The five-star Old Course Hotel, which is integral to St Andrews hosting the Open on a regular basis, is currently building a £5m extension which edges towards the tee on the 17th, the infamous Road Hole. Although its plans for a three-story addition were reduced to two, that did not stop critics describing the extension as "vandalism".

The trust make a surplus of £1m a year (profit is a dirty word), which is spent on the links. Another big investment is a £2.5m computerised irrigation system and a £1.5m green-keeping centre. "We have to move forward and set high standards," McGregor added, "although I'm not suggesting that we have to say, 'Have a nice day' on the first tee."

In the necklace of links, the Old Course remains the jewel. It accommodates about 42,000 rounds a year (to protect the hallowed turf the course now opens at 7am instead of 6am) and is so popular a daily ballot of players takes place. Last weekend Adams, born and bred in St Andrews and a green-keeper since he was 16, played the Strathtyrum course because he couldn't get on anywhere else.

As public links they are open to all and the residents of the town have the best deal in the world: a £98 yearly ticketoffering unlimited play. There is no charge for under-16s. If the home of golf was run as a commercial concern things would be very different. As it is the rate to visitors is rising to £80 for a round on the Old Course. "I would argue that, compared to many courses, Wentworth for example, which charges £195, £80 is very reasonable by today's standards," McGregor said.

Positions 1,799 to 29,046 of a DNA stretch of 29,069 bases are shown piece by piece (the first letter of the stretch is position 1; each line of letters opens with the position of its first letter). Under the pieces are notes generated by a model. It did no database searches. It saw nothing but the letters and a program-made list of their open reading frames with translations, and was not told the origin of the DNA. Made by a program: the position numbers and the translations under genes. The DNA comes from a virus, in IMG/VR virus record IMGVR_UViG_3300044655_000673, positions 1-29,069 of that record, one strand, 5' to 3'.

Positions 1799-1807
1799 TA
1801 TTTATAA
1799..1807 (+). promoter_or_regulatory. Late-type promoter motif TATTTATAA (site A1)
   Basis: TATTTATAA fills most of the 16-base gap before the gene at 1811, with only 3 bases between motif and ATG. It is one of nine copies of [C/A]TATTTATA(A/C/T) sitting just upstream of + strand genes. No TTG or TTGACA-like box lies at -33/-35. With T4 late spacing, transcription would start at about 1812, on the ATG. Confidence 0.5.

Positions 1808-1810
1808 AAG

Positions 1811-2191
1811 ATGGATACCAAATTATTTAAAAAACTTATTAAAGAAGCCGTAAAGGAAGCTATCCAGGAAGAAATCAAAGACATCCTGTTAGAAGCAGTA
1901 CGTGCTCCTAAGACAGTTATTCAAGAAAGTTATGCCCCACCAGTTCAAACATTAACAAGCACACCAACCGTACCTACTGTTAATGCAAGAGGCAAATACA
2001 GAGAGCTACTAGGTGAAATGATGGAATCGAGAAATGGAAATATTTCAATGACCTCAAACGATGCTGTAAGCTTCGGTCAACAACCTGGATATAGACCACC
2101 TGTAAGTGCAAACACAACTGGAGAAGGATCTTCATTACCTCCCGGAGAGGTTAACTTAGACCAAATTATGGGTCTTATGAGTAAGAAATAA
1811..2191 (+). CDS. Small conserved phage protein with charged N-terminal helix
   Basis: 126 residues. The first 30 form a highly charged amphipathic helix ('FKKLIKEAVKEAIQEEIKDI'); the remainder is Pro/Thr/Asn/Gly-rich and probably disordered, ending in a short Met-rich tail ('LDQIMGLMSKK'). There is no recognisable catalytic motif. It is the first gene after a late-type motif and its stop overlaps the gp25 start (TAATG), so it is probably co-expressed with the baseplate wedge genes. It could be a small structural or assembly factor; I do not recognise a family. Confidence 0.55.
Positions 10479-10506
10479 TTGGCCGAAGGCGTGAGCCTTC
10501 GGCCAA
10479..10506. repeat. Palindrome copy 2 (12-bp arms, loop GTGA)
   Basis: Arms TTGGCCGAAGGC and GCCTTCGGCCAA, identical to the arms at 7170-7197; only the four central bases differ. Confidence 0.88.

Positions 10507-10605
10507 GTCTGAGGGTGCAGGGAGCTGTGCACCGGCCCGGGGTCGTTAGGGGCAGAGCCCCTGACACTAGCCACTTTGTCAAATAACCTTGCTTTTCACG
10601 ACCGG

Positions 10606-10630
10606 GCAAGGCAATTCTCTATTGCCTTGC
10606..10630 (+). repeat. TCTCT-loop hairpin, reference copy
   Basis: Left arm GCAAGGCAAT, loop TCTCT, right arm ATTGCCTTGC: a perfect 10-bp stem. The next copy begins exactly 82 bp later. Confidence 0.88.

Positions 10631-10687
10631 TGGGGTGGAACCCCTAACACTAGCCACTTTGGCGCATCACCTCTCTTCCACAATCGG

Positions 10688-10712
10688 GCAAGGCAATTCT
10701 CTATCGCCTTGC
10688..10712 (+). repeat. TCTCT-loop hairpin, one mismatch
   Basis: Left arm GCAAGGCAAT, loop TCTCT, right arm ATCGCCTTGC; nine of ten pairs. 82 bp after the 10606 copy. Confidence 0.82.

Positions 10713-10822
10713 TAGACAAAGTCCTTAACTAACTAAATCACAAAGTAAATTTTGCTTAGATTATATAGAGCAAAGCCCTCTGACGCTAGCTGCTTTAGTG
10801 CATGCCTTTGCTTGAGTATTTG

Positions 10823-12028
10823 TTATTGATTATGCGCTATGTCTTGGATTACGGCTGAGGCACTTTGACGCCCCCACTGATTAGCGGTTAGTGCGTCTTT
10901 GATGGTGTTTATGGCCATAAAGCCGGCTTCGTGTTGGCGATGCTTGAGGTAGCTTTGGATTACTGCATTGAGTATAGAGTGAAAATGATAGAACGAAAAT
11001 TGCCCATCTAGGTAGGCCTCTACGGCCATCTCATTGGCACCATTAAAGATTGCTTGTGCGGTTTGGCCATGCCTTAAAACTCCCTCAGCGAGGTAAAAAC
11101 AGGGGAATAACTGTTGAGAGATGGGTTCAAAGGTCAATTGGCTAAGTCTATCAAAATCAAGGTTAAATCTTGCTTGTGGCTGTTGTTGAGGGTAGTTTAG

For the Open, which is expected to attract 250,000 people, the Old Course will play to 7,115 yards, slightly longer than when John Daly won there in 1995 and when Curtis Strange went round in 62 in the 1989 Dunhill Cup. Adams is hoping for fast greens but nobody will be able to complain about them being too small. In total they measure 7.5 acres with the largest double green, the fifth 13th, occupying 1.5 acres. A green keeper cutting it with a hand-mower would walk seven miles.

The course will not be defenceless this summer. There are the elements and then there are the bunkers, 112 of them. They are not only works of nature, but works of art, and all have been rivetted using five-and-a-half acres of turf produced in the trust's nurseries. It is the sand trap on the 14th hole, however, that takes pride of place at St Andrews. This is Hell Bunker, which has been rebuilt using railway sleepers sunk into a concrete base. It is so deep players will use steps to enter it. Some will not get to Hell and back.